On Emotional Violence

This article is a sequel to On Physical Violence, and carries forward a lot of its themes.  However, I think a lot of the issues around emotional violence are less clear cut, and so the intent of this article is much more speculative and investigative.

What is Emotional Violence?

Some examples of emotional violence are:

  • making threats
  • trying to incite feelings of guilt or inadequacy
  • constant non-constructive criticism
  • isolation
  • intentional public embarrassment

ire430cWhat do these actions have in common?  They are intentional, and they are an attempt to elicit an emotion; and furthermore, the emotion is an unpleasant one.

However, I don’t think the unpleasantness of the emotion is the defining characteristic here.  If you’re in a bad mood, and some horribly cheerful person comes up to you and tries to cheer you up, I think this falls under emotional violence as well — not as severe, certainly, but nevertheless unwelcome.  I suggest that emotional violence be defined as intentional elicitation of undesired emotion.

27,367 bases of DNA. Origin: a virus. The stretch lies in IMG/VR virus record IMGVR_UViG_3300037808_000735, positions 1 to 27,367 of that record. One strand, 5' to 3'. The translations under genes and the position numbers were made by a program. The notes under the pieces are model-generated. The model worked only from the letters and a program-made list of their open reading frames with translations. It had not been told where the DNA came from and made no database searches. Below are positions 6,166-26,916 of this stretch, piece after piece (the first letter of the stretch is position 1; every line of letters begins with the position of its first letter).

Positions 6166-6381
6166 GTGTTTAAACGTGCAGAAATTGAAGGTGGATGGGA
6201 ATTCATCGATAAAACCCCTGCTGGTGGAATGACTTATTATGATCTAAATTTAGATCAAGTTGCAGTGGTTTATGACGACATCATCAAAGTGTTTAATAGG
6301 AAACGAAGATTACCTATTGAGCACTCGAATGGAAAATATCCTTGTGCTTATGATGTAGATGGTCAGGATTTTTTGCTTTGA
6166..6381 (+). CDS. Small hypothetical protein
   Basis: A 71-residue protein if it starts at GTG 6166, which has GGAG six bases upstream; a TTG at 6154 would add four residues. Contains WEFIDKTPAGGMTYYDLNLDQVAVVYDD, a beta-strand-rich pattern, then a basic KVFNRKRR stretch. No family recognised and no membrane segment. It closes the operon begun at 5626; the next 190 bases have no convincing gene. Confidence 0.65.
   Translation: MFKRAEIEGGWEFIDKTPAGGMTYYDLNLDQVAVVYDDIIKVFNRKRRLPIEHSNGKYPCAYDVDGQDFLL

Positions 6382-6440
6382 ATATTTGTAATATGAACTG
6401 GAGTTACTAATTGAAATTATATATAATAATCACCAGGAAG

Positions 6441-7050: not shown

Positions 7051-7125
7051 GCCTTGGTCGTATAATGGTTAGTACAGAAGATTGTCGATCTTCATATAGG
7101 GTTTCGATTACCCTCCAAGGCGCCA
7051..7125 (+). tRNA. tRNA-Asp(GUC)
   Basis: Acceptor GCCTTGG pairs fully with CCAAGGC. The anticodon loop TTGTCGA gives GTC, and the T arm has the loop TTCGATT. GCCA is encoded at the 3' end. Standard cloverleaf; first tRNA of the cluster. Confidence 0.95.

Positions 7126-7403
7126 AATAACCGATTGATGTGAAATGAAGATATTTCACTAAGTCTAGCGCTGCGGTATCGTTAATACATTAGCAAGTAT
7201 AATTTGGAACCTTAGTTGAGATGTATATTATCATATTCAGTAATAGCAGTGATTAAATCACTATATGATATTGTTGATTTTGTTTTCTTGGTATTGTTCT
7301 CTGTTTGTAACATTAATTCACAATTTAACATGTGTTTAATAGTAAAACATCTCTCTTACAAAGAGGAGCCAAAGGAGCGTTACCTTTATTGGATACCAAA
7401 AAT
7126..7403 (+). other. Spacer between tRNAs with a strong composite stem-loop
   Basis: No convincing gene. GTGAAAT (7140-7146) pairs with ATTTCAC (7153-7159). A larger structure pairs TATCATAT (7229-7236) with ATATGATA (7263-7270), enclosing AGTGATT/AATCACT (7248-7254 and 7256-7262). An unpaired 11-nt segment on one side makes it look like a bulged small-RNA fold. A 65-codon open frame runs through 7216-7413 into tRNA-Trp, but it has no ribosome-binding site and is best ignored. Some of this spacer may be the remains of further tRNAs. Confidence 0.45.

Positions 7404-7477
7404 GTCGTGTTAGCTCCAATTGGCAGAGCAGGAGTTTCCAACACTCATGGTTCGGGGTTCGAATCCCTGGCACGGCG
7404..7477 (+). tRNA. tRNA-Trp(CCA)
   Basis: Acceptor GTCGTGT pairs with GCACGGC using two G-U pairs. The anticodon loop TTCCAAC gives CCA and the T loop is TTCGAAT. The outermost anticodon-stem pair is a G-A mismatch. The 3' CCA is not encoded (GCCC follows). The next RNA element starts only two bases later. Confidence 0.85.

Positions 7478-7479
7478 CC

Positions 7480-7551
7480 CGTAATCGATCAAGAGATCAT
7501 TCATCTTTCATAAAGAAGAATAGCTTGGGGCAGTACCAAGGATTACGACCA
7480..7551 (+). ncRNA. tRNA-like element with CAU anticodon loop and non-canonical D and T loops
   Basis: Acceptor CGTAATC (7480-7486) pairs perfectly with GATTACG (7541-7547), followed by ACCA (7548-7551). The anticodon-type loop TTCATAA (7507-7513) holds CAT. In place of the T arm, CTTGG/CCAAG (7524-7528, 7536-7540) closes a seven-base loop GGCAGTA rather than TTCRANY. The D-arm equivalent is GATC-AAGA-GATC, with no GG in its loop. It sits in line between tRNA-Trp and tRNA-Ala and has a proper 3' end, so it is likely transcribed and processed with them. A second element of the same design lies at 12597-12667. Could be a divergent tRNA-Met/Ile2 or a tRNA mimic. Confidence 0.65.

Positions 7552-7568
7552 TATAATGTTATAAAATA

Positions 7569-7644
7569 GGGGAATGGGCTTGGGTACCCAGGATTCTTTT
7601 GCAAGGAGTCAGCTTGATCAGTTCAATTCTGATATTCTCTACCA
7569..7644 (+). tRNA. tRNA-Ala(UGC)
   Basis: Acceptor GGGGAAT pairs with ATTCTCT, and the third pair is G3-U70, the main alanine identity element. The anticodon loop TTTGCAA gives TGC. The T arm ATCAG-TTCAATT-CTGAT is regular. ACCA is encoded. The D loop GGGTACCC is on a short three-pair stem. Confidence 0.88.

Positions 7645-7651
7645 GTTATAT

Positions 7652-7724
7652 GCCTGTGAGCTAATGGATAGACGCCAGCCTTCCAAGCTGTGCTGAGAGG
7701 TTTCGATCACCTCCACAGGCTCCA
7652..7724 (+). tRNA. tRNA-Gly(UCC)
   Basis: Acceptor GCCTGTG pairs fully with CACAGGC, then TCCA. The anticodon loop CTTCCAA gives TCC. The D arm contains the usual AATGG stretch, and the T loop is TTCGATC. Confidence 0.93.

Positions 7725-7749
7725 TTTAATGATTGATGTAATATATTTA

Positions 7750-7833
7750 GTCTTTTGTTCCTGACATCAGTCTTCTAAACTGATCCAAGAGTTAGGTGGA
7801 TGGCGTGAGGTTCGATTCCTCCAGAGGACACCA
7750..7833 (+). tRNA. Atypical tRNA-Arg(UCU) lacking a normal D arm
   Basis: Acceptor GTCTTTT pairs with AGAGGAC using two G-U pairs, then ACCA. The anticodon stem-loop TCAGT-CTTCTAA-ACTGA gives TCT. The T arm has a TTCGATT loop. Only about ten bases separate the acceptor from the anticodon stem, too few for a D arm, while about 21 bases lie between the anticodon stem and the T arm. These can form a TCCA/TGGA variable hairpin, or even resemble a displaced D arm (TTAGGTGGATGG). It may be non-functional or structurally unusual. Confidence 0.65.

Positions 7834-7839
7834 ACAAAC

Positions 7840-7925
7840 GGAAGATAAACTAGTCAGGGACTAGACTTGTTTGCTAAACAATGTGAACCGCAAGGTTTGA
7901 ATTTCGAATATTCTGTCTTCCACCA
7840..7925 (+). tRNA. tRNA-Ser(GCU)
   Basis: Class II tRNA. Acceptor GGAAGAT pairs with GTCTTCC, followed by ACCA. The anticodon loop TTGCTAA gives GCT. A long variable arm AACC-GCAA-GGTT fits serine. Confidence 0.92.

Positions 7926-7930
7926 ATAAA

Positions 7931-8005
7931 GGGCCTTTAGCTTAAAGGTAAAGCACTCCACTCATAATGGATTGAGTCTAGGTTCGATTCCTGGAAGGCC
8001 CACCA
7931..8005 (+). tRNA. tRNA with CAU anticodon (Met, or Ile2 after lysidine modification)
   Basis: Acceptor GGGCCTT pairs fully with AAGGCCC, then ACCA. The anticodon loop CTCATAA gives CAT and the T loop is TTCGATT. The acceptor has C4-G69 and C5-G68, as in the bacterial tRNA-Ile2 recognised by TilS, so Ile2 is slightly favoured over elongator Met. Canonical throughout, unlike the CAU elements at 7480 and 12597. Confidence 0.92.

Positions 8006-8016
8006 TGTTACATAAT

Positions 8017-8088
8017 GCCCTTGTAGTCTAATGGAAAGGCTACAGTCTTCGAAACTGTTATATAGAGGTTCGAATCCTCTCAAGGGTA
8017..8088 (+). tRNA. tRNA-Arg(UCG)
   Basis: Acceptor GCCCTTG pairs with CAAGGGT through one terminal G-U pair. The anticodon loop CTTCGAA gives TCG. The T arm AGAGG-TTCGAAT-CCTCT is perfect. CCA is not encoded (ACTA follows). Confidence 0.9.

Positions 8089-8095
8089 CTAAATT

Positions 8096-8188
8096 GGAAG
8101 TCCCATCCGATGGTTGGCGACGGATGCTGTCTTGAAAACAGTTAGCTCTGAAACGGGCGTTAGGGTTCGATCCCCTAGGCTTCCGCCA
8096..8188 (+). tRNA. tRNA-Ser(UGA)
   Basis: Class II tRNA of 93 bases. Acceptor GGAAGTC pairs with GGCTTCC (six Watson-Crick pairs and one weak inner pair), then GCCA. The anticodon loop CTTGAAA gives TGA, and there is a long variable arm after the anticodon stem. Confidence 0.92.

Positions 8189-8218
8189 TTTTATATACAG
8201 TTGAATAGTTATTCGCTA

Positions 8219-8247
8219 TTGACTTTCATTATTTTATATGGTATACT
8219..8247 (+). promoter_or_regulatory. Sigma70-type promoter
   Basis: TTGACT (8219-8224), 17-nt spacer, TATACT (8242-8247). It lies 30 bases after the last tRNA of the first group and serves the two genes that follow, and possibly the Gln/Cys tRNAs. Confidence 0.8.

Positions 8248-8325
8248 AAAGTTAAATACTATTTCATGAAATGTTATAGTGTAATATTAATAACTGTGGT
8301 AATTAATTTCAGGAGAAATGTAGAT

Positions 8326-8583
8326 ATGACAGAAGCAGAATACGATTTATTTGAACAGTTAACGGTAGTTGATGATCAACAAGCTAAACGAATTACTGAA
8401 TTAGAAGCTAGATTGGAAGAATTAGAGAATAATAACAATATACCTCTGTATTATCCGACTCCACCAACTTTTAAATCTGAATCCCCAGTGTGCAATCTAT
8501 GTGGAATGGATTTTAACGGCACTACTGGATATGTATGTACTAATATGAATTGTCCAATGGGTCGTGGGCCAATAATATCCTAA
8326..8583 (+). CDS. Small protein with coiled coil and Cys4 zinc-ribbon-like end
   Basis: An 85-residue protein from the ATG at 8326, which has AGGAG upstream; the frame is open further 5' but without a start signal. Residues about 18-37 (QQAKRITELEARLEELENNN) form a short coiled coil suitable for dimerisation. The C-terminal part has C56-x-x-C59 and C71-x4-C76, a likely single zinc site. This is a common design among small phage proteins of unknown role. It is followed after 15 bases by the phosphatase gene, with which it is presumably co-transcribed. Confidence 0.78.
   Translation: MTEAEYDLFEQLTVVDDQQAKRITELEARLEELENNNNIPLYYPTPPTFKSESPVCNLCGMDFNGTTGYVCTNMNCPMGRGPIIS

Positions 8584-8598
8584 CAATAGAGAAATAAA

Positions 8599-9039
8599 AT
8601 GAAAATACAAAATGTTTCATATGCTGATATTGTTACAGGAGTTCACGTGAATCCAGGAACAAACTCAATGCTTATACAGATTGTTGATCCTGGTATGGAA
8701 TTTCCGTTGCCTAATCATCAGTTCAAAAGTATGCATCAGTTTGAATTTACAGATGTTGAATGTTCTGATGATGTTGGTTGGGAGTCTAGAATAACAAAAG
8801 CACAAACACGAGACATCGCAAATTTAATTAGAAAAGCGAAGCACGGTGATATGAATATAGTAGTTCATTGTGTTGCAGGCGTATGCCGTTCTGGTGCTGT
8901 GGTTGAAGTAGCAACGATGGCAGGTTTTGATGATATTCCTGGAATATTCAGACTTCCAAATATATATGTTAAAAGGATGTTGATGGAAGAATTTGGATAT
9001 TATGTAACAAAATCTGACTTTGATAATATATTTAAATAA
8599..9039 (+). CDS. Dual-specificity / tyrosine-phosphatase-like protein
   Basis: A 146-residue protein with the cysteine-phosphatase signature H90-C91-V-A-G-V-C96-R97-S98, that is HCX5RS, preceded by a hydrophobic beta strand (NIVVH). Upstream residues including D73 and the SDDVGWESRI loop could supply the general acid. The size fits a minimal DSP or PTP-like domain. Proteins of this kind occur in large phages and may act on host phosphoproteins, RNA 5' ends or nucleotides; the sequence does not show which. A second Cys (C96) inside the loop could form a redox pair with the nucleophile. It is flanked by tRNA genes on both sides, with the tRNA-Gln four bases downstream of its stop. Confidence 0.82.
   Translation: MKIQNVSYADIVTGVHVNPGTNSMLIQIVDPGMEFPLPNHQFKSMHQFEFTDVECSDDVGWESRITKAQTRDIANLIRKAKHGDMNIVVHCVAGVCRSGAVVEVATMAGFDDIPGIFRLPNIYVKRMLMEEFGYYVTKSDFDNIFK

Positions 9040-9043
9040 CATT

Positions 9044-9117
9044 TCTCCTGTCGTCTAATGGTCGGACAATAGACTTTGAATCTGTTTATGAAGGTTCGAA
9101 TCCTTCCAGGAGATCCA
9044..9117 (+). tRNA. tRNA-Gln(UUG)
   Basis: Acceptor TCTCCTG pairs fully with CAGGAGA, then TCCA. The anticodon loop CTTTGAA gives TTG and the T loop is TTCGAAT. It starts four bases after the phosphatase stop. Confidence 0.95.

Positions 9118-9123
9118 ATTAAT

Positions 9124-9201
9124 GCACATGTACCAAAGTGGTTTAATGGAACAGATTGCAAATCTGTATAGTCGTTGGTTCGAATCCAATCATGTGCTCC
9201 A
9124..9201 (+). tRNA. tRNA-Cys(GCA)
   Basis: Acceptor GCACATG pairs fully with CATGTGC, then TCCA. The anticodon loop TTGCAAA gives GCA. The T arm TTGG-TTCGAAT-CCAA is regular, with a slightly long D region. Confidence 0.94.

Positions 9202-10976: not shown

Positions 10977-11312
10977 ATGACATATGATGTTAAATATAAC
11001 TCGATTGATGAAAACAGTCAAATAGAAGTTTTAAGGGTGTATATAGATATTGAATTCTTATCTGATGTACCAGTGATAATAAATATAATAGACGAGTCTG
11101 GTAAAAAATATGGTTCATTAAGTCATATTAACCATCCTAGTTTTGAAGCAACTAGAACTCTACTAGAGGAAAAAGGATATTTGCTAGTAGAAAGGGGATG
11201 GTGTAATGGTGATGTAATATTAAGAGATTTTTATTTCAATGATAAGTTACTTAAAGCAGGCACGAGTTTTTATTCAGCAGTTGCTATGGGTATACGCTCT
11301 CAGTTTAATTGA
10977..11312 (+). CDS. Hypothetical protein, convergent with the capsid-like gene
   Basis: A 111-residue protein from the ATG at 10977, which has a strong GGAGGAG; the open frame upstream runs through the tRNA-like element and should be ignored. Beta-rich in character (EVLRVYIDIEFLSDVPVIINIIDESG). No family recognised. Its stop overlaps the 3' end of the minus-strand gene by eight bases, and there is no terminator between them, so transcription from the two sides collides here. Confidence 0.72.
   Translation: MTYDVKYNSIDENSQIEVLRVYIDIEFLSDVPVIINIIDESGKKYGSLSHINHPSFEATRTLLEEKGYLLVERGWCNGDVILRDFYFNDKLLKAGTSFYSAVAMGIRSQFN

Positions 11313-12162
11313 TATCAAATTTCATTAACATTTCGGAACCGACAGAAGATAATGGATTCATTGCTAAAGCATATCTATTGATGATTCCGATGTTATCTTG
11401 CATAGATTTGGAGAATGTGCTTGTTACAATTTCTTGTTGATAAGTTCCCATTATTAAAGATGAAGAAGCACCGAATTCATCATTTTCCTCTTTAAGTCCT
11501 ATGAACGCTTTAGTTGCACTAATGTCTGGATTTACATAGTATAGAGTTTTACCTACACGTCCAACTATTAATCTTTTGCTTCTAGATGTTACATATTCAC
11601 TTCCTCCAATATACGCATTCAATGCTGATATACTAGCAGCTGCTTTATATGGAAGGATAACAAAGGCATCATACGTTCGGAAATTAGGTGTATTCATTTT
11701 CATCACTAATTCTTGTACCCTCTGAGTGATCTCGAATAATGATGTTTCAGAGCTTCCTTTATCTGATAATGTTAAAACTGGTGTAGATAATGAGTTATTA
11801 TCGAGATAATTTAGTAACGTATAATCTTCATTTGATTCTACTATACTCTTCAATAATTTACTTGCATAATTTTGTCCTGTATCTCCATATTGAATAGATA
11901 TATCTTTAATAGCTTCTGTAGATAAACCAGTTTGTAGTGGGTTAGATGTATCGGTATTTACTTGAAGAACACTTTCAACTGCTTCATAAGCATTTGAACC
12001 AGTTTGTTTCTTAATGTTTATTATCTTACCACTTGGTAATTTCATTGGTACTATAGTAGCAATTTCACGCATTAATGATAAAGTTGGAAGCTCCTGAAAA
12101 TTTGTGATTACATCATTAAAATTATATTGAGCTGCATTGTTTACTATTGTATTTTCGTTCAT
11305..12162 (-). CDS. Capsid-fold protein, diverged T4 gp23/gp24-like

In other words, emotional violence is what is commonly called emotional manipulation, but with the addendum that the manipulation be toward emotions that are not wanted by the victim.

Does this correspond in any way to physical violence?

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On Physical Violence

NO violence — even in self-defense.

A few months ago, I mentioned off-handedly that my feelings about violence were close to that of Gandhi and Tolstoy.  Kate Gladstone asked me about this in the comments, mentioning a book called THE RING by Piers Anthony, in which he describes a society in which some people wear a special ring that prevents them from committing any violence at all.  She notes:

“…his conclusions on non-violence in THE RING include, *but* go fascinatingly beyond, the common sentiment that a rule of absolute non-violence makes its followers the inevitable victims of those who haven’t adopted such a rule.

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